Goodbye Tehran, time for us to head north and west. In a couple of days we'll be crossing the border and saying goodbye to Iran.

Before leaving Tehran we first stopped off at the Freedom Monument. It was built by the last Shah's wife about 60 years ago and now is the symbol most associated with Tehran. It's big and quite impressive, but it is stuck in the middle of a roundabout and surrounded by barriers and workers.

In Tehran we lost most of our group. Of the sixteen through from Ashgabat we are now down to a hardcore of three. So we are now just six on the truck. From left to right Sinclair from New Zealand, Omid our Iranian guide, Lindsay one of our crew/drivers, Kathy from Canada and Sinead our second crew/driver.

On the way to Zanjan we stopped off at Soltaniyeh Dome the third biggest ancient brick dome in the world. It was built in the early 1300s by Sultan Mohammad with the intention of it housing the remains of Iman Ali which are in Baghdad, but the Iraqis decided to keep them so it became the mausoleum for the sultan's wife.

Soltaniyeh was the Sultan's capital and surrounded by buildings but it fell into ruins many years ago. It is only in the last 20 years that the building has begun to be restored. The outside and the dome are now fully restored but the inside was full of scaffolding as work continues. The brickwork of the building was the best we've seen, each individual brick and a carving on it. This must've been a hell of a building in its day.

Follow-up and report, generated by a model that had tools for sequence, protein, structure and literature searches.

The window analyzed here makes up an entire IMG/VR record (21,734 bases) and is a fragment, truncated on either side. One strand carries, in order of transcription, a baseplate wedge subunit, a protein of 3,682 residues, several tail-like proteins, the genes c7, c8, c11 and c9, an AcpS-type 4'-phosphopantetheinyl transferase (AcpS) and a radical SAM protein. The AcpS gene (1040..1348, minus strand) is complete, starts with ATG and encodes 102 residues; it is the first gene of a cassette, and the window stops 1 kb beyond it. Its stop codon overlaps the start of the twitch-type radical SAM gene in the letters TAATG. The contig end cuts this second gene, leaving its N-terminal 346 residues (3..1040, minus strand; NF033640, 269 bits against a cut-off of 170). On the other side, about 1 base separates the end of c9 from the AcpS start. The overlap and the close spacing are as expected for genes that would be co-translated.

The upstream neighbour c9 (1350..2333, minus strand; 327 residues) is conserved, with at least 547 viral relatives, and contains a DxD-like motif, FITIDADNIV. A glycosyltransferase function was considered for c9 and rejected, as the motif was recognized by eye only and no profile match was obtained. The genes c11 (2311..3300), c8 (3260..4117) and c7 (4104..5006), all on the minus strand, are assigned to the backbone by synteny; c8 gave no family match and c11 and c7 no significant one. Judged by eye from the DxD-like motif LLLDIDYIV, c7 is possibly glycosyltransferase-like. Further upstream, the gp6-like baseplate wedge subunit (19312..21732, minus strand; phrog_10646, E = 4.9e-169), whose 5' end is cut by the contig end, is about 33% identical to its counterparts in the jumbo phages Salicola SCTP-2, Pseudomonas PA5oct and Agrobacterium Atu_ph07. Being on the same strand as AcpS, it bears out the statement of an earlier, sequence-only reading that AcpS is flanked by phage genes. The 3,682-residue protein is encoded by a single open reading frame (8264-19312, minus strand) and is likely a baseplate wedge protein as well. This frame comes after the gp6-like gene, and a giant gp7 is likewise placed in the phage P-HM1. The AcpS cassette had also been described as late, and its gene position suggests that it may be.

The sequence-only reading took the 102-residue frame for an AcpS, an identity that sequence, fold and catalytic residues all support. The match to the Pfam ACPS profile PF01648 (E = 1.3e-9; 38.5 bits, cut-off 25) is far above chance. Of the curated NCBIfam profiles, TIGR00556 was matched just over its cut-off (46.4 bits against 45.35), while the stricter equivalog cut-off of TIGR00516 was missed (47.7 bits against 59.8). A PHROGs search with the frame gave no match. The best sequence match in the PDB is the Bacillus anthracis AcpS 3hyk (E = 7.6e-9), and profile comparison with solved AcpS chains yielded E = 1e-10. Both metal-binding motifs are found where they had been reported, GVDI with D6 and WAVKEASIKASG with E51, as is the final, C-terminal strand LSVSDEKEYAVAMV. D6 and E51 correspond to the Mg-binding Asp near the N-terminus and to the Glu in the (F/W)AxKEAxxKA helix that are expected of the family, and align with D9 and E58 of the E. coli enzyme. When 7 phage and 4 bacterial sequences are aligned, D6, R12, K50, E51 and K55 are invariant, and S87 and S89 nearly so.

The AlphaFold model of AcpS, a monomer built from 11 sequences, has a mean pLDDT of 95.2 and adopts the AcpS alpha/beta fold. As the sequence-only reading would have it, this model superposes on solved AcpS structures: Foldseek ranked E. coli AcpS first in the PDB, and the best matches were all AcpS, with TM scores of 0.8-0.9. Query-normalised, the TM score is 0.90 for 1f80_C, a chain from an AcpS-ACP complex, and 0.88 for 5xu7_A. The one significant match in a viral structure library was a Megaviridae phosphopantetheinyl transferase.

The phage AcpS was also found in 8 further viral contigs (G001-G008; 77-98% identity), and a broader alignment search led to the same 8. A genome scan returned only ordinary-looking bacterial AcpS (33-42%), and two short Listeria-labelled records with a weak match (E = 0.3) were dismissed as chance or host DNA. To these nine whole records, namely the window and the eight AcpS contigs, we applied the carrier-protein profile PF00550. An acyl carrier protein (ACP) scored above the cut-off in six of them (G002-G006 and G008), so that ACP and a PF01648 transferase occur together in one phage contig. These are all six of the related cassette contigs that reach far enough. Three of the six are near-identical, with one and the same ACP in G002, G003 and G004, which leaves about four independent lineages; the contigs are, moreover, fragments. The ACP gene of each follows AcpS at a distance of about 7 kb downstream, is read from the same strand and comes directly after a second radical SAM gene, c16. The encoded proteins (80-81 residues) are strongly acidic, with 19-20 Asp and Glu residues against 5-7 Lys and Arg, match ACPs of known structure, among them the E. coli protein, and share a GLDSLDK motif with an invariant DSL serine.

We spent the evening wandering around Zanjan's big bazaar. Zanjan apparently is famous for its knives and there certainly were a lot on sale. Otherwise lots of gold and silver and otherwise stuff for locals, clothes, shoes, hardware, fruit and veg.

We wandered for a while, tried some dried food, I bought one of the chain flail things we saw so much of during Ashura and finished the evening off with another delicious chicken kebab. On the way back to hotel we stopped off at a coffee shop. As so many times on this trip the owners wanted a photo of us with them. Once we get away from the main tourist sights we are minor celebratories.

18th October 2016 - Tabriz

Up for breakfast which as usual consists of bread, butter, soft cheese, egg, tomato, cucumber and jam (not necessarily in that order or all together. On good mornings we have a toaster to give the local flatish bread a lift and if we're really lucky we get carrot jam. I must hunt it out when I get back it is surprisingly good, not ice carrot good, but definitely pretty good.